Sign On Letter to Stop All Deportations
Updated: Apr 17, 2020
Dear President Trump, Members of Congress, Acting Secretary of Homeland Security Chad Wolf, Acting Director of US Immigration and Customs Enforcement Matthew Albence and State Governors
On April 7 , 2020, the Department of Homeland Security deported 68 Haitians nationals to Port-au-Prince, several of them were exposed to coronavirus while detained in two different facilities. This deportation was carried out via a charter flight by the U.S. Immigration and Customs Enforcement, weeks after the Haitian government officially closed its borders. We, the undersigned, are outraged at the decision to continue mass deportations amid the COVID-19 global pandemic. By sending exposed people to vulnerable nations, The Department of Homeland Security knowingly put the detainees, the officers, Haiti, and neighboring Dominican Republic at risk.
We write this letter to urgently demand the administration put a moratorium on deportations to Haiti and all other nations in order to stop the spread of the deadly coronavirus. We also demand all non-criminal detainees be released from detention following a medical screening consistent with healthcare protocols. Deportations and enforcement actions involve human-to-human contact which go contrary to the social distancing and shelter in place practices health officials at the Centers for Disease Control have urged the American public to heed.
COVID-19 is an extremely contagious and life threatening virus. As of April 15th 2020, 128,886 people have perished globally. In the United States alone, 26,211 people have died, a death toll which currently surpasses every other country. According to the Centers for Disease Control and Prevention, the number of casualties will drastically increase as the United States nears its peak in late April. Dr. Anthony Fauci, director of the National Institute of Allergy and Infectious Diseases, said he projected between 100,000 to 200,000 deaths, which is two to four times the U.S casualty rate in the Vietnam War.
Haiti especially is dangerously unprepared to treat coronavirus patients. Haiti lacks ventilators, sufficient intensive care units, and the necessary equipment for medical workers. It is also still reeling and recovering from the devastation caused by Hurricane Matthew in 2016 and its economy is in turmoil. Haiti does not have the capacity to respond to a pandemic of this magnitude and the potential outbreak that could emerge would be disastrous for the country.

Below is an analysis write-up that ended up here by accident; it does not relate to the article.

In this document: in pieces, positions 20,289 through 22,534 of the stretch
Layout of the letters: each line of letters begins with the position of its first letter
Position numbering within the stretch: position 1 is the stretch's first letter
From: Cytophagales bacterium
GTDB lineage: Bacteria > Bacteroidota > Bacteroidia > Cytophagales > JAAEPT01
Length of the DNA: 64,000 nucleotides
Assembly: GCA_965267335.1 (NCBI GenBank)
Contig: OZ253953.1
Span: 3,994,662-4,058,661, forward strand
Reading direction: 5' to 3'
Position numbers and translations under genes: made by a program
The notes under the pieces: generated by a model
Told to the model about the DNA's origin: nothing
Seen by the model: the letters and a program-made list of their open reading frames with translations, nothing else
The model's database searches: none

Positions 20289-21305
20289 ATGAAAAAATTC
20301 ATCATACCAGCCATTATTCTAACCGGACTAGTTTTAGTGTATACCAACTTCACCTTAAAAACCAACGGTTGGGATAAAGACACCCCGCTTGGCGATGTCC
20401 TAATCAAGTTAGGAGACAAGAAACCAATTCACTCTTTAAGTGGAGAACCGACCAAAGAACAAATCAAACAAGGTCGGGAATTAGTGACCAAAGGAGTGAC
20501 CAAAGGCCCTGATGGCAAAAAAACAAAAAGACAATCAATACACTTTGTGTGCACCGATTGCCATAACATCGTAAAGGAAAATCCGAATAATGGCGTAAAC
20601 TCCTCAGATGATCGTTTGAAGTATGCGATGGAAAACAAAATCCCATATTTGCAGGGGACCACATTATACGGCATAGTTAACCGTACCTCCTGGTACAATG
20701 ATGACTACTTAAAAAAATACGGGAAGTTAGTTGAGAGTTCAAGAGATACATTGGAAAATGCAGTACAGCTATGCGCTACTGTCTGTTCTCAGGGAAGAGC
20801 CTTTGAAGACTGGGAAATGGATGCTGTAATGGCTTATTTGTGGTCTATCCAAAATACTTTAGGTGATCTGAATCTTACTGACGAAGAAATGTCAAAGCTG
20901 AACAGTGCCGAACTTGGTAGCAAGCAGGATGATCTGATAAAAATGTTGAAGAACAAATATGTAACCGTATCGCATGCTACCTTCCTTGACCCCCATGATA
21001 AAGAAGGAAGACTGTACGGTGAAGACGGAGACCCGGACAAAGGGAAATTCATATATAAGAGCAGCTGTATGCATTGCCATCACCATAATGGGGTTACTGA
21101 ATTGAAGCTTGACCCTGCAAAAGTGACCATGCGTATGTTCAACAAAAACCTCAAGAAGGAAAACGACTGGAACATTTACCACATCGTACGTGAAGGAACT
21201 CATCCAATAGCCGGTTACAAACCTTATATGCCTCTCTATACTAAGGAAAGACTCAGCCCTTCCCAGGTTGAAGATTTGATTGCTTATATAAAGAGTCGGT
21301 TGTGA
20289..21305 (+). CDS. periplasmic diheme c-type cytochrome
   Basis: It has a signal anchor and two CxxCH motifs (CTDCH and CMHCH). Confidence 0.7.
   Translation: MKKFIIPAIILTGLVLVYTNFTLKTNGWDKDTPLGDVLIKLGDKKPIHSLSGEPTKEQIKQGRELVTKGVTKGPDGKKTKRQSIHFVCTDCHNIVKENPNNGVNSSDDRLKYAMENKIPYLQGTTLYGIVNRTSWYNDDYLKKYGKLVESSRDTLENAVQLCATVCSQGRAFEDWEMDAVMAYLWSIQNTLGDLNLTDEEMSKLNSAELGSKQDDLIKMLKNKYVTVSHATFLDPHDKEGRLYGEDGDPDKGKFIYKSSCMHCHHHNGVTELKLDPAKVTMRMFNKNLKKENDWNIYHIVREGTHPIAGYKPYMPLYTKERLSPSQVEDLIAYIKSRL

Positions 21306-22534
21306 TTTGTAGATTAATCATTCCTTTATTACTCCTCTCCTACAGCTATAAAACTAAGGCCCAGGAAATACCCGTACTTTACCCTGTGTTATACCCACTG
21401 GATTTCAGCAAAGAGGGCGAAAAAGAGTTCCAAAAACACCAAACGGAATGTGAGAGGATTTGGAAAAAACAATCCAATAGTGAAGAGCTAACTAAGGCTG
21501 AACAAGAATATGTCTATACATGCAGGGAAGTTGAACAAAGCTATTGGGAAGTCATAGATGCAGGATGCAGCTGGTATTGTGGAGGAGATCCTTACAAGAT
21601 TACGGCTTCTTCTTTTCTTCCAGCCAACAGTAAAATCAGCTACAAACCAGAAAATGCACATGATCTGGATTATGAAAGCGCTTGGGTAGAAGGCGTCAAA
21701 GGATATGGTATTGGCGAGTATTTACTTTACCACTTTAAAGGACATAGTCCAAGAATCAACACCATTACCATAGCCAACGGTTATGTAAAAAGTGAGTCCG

At a time when local and state governments are implementing strict shelter-in-place orders and airplane travel is constrained, it is alarming that the Department of Homeland Security continues to deport individuals and families, many of whom were detained in overcrowded and unsanitary conditions. Crowded detention centers are irresponsible and dangerous and the Department of Homeland Security has threatened public safety by continuing these practices amid a worldwide pandemic. If the federal government is sincerely interested in containing the spread of the virus, then it will temporarily halt deportations and take the necessary actions to avert its rampant spread.
When several detained individuals are at risk of COVID-19, we are all at risk. The COVID-19 pandemic is a global health crisis and the United States government is morally obligated to do all it can to save people. The famous nineteenth century diplomat Alexis de Tocqueville once stated, "America is great because she is good. If America ceases to be good, America will cease to be great." Let us never cease to be good. As Americans unite to support each other in this time, we, the undersigned organizations, urge our government to put a moratorium on all deportations and to release all non-criminal immigrants to ease overcrowding and reduce the risk of contamination. This virus is deadly and the federal government must respond in kind. Detainees must be included in our nation’s emergency response if we are to curb the outbreak and save lives.
It is the right and humane thing to do !
Marleine Bastien, MSW, LCSW
Family Action Network Movement, FANM